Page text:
Hong Kong insurance claims caused by natural disasters may climb to a record and exceed $500 million this year should approaching Typhoon Koinu add to this storm season’s damages, according to Bloomberg Intelligence.
The city’s heaviest rainstorm on record, coupled with damages from Typhoon Saola — the strongest storm to hit the city in five years — in September are largely to blame, Bloomberg Intelligence analyst Steven Lam said in a note on Wednesday. But Koinu, which might skirt the city later this week, could add to that total if it brings heavy rains to the city, Lam wrote.
Strong storms are threatening to hit Hong Kong more often. If the city’s observatory hoists the No. 8 signal, the third highest of five levels, for the approaching typhoon, it would be the second straight year for such a high warning level to be raised three times, compared with an annual average of twice in the decade through 2022, according to Lam.
Hong Kong effectively shuts down during typhoon signal No. 8 and above, as well as for rainstorms categorized at black — the highest level. September was a particularly bad month for the financial hub because it was hit by a No. 10 typhoon and a black rainstorm in back-to-back weeks.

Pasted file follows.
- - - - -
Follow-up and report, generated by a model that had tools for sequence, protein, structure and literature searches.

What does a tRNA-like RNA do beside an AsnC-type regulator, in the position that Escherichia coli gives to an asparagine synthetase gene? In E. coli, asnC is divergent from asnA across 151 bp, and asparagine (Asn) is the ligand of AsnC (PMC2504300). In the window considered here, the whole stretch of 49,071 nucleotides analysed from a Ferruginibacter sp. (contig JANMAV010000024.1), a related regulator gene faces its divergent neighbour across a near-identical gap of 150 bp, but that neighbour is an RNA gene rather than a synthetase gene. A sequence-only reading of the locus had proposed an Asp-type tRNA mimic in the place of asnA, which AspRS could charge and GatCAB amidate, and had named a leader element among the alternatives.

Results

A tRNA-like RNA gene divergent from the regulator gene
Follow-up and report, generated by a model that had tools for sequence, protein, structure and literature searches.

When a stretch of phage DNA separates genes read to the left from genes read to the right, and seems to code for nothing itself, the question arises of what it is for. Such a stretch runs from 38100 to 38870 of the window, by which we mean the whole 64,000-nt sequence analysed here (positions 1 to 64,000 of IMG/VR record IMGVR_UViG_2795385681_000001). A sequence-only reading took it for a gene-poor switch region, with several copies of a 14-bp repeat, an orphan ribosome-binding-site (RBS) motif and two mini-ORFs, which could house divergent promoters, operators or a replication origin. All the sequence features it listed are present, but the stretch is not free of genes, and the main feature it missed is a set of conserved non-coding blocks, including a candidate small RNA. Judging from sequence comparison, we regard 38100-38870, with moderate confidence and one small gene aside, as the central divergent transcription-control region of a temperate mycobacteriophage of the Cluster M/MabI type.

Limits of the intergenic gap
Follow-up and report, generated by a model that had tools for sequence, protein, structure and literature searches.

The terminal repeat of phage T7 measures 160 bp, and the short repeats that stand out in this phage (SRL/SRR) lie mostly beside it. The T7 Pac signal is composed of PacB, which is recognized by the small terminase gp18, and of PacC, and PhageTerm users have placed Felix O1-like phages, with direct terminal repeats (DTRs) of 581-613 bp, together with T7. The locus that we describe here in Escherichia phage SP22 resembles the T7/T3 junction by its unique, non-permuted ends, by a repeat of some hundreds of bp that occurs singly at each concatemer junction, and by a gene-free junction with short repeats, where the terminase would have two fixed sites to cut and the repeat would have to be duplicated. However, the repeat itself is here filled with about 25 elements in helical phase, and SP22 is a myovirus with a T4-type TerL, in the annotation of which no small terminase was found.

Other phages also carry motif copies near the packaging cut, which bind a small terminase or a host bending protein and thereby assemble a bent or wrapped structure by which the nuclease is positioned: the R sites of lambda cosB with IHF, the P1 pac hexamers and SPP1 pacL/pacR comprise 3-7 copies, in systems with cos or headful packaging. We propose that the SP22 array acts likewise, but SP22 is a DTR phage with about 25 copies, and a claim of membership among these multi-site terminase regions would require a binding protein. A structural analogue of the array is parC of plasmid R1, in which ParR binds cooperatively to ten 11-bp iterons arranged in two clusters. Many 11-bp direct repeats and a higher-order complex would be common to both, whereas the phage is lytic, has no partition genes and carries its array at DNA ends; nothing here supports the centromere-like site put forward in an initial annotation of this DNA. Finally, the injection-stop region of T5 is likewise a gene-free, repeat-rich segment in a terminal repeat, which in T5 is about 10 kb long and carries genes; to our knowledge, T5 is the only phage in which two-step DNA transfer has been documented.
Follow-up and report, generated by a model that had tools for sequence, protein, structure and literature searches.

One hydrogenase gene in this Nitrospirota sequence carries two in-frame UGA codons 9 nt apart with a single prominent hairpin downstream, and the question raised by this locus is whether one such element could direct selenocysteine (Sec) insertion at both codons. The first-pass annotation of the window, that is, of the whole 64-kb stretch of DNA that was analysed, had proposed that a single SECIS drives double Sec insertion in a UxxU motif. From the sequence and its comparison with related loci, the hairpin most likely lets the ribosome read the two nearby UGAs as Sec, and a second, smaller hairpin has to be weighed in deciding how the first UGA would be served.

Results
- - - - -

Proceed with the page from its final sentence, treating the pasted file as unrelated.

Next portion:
Photograph: Vehicles submerged in floodwater during heavy rain in Hong Kong, China, on Friday, Sept. 8, 2023. Hong Kong’s heaviest rainstorm since records began in 1884 flooded the financial hubs streets and sent torrents of water rushing through subway stations, bringing much of the city to a standstill and forcing the stock market to stop trading. Photo credit: Lam Yik/Bloomberg
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